The biggest ‘but’ in history

There must be numerous contenders for the most game-changing word in the history of the world, but today I’m going with this one: ‘but.’

Today I was reading through Mark chapter 14 and was meditating on the time Jesus spent in the garden of Gethsemane before he went to the cross.

The first half of verse 36 struck me like never before. Jesus was praying and said these words: “Abba, Father, all things are possible for you. Remove this cup from me.”

In this are two profound things. First, Jesus knew that God could do anything. He knew that it was well within the power of his Father to pull the pin on redemption and instantly take His son back into the eternal glory from which He had come. Furthermore, Jesus asked for it. Such was his agony at the thought of what he was to endure, that he asked his Father to remove it from him.

The Father would not deny the Son. Except for one entirely game-changing word: ‘but.’

At the most intensely pivotal moment the world has seen, the Son surrendered his will to His Father’s saying ‘Yet not what I will, but what you will,’ and the Father, in that moment of Jesus’ submission, overruled the will of His Son. Together they endured the cross, despising the shame, for the redemption of mankind.

How grateful I am for Jesus’ submission to the will of His Father, and how challenged I am by my lack of it.

But I’ve been patient for a long time!

573785_35739861950403bcce628b84f7b54513_largeDoes anyone else have things that they’ve been praying about for a long time?

For ten years I prayed that God would heal me from Chronic Fatigue Syndrome. For even longer I’ve had a desire to get married. For a lifetime I’ve been praying for unsaved family members.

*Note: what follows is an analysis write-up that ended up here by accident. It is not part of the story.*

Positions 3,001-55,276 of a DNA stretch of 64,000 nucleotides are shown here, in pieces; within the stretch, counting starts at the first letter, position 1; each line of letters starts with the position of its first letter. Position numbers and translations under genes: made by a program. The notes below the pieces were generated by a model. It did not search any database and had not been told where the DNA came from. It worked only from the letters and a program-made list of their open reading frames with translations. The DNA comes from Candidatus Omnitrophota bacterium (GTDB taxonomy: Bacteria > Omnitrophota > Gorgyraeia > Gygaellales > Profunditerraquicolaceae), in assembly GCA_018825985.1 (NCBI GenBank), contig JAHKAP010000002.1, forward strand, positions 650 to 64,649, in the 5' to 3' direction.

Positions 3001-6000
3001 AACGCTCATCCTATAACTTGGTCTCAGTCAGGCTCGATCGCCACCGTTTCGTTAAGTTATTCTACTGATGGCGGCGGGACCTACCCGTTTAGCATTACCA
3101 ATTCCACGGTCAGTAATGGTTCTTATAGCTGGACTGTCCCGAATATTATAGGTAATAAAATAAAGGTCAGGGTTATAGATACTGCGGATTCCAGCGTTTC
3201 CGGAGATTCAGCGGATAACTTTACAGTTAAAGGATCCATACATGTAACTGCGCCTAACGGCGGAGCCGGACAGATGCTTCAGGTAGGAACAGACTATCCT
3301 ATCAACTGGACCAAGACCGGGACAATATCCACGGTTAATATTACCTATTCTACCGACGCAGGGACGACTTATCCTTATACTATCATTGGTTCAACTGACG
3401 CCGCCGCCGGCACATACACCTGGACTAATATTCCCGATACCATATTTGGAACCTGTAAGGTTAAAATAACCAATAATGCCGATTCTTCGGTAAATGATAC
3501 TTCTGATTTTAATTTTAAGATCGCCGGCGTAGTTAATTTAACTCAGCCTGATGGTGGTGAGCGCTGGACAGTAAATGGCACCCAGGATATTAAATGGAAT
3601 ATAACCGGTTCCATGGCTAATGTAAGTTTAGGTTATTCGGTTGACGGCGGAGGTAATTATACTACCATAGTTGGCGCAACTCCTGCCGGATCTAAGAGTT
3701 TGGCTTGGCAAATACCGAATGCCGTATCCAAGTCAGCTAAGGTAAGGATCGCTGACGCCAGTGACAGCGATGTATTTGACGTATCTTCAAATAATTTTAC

Sometimes God answers prayer quickly, but sometimes, as I found yet again the other day, the Still Small Voice says to me ‘Sarah, be patient and trust me.’

I must confess, I responded with an indignant lament: ‘But God, I’ve BEEN patient… for a really long time!’

It felt like a valid point. How could God still ask for patience when I had already waited so long. And therein I discovered my error. Patience and waiting are not the same thing. It was quite possible that I could have waited for something for ten years and yet never actually been patient.

I looked the word up:

Patient: bearing provocation, annoyance, misfortune, delay, hardship, pain etc., with fortitude and calm and without complaint, anger or the like.

It turns out that patience is an attribute that still needs great cultivation in my life.

It’s funny how God reminded me to be patient and trust. For the Christian, the two must go together. How can I bear hardship and delay with great fortitude and calm? Because I know that my God, who holds and ordains all things, can be trusted to bring me that which is good, in His perfect time.

My family beyond my family

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My Grandad had a fall yesterday. He’s 92 and still lives in his home. He tripped by the bed and managed to drag himself, with a broken hip, around the bed to the phone to call an ambulance.

Dad was getting ready for church when Grandad called him, and he left and went straight over there. My sister and I were down south having a surfing lesson at the time, and didn’t find out for several hours.